Exhume by Danielle Girard

Posted November 3, 2016 in Book Review / 0 Comments

Exhume by Danielle GirardExhume by Danielle Girard
Series: Dr. Schwartzman #1
Published by Thomas & Mercer on October 1st 2016
Genres: Mystery, Crime, Thriller, Suspense
Pages: 400
Format: eBook
Source: Amazon Kindle First
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three-stars

Dr. Annabelle Schwartzman has finally found a place to belong. As the medical examiner for the San Francisco Police Department, working alongside homicide detective Hal Harris, she uncovers the tales the dead can’t tell about their final moments. It is a job that gives her purpose—and a safe haven from her former life at the hands of an abusive husband. Although it’s been seven years since she escaped that ordeal, she still checks over her shoulder to make sure no one is behind her.
Schwartzman’s latest case is deeply troubling: the victim bears an eerie resemblance to herself. What’s more, a shocking piece of evidence suggests that the killer’s business is far from over—and that Schwartzman may be in danger. In this pulse-pounding thriller from award-winning writer Danielle Girard, a woman must face her worst nightmare to catch a killer.

Main points

 

This is a long book so I decided to keep track of my thoughts as I went along because I knew I would forget stuff. It turned out to be a lot of thoughts, but it makes sense—long book = long review. Fasten your seatbelts, friends.

About 35%

This is going to be a long book.

Okay, looks like we’ve got two different storylines going on here—but as this isn’t an episode of CSI, they’ve got to converge at some point. I’ll wait.

Oooh, alternating POVs. If I really felt invested in Schwartzman as a character, I might mind. But I don’t.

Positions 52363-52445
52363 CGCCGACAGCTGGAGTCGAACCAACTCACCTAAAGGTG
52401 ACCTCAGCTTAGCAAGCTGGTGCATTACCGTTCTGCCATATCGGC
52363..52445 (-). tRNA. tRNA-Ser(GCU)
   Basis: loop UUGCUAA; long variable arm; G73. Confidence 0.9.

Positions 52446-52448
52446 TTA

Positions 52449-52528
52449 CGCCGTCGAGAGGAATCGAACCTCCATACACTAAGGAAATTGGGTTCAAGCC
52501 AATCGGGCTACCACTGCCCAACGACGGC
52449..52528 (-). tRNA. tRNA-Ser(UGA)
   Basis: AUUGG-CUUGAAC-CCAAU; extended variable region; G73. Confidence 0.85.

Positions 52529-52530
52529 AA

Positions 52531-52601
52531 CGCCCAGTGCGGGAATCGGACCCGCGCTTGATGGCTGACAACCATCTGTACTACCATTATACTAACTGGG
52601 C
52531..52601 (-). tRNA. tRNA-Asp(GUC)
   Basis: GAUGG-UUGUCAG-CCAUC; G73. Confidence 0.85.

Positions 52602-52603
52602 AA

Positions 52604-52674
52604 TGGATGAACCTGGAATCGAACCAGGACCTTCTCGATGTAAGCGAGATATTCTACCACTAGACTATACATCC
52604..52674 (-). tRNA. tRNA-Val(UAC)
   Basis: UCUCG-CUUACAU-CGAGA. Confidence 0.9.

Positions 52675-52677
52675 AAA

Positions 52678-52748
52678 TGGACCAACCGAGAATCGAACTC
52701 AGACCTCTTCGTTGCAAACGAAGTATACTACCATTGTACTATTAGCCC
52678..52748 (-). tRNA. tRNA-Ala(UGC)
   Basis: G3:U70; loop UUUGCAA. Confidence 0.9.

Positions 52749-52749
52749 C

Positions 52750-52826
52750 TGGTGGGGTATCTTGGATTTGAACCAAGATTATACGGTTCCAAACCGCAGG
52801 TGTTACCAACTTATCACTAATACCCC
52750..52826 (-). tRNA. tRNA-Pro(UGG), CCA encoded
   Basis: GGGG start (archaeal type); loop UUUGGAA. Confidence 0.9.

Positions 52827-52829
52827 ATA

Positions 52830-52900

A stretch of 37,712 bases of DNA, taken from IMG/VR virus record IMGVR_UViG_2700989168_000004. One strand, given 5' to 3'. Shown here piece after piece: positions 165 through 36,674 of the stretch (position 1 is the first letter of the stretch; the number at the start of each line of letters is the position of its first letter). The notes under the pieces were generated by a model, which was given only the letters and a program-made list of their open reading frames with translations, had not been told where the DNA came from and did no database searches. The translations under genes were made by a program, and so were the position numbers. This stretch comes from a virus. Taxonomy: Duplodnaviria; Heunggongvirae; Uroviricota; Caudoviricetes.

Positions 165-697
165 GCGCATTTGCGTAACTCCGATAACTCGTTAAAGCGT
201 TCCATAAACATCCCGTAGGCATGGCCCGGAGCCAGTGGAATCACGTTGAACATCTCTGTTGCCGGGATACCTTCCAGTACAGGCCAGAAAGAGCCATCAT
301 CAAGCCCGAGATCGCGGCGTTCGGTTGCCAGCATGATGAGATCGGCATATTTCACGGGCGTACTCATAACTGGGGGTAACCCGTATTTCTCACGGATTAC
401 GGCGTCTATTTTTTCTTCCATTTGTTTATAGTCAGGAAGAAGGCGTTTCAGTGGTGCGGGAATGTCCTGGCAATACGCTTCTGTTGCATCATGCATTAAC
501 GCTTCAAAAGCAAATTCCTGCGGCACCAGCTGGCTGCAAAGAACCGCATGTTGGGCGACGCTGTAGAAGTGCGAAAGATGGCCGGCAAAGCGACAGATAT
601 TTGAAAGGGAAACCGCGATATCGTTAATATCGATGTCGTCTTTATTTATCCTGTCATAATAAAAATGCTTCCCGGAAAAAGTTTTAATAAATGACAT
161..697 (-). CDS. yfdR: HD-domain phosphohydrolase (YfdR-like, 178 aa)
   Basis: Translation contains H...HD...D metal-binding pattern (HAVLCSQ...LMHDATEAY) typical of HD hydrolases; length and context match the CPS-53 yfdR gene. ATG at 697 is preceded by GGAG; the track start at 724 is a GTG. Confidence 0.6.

Man, what is it with Schwartzman’s POV and only using last names? It must be annoying having to write “Schwartzman” so many times. I’m already tired of it. I dunno, it’s kind of weird. (Note: later I realize that actually only a couple of names in this POV are last-name-only, but Schwartzman continues to always be last-name in the narration. Other people call her various things.)

I forgot how much I liked crime novels. I love all these missing or disparate pieces that will eventually click. I also love the mystery surrounding Spencer and the fact that stalkers are not usually murderers. Two very separate things with undeniable connections/coincidences.

About 65%

Okay like Schwartzman is so weak. She’s doing everything wrong. This guy’s clearly a psychopath and she falls to pieces wherever he’s concerned. She’s just egging him on like that. Anyway, I wouldn’t leave her alone if I knew the threat was getting larger—she needs a bodyguard at this point UGH. Everyone’s an idiot.

Why in hell would she go back to SC? Like does she not even take herself seriously? She’s walking into a trap and she knows it and she’s not even taking the proper precautions. Does she want to f— her life over even more? And why is her mother such a b—? God, just forget about her, she’s not going to be of any use here…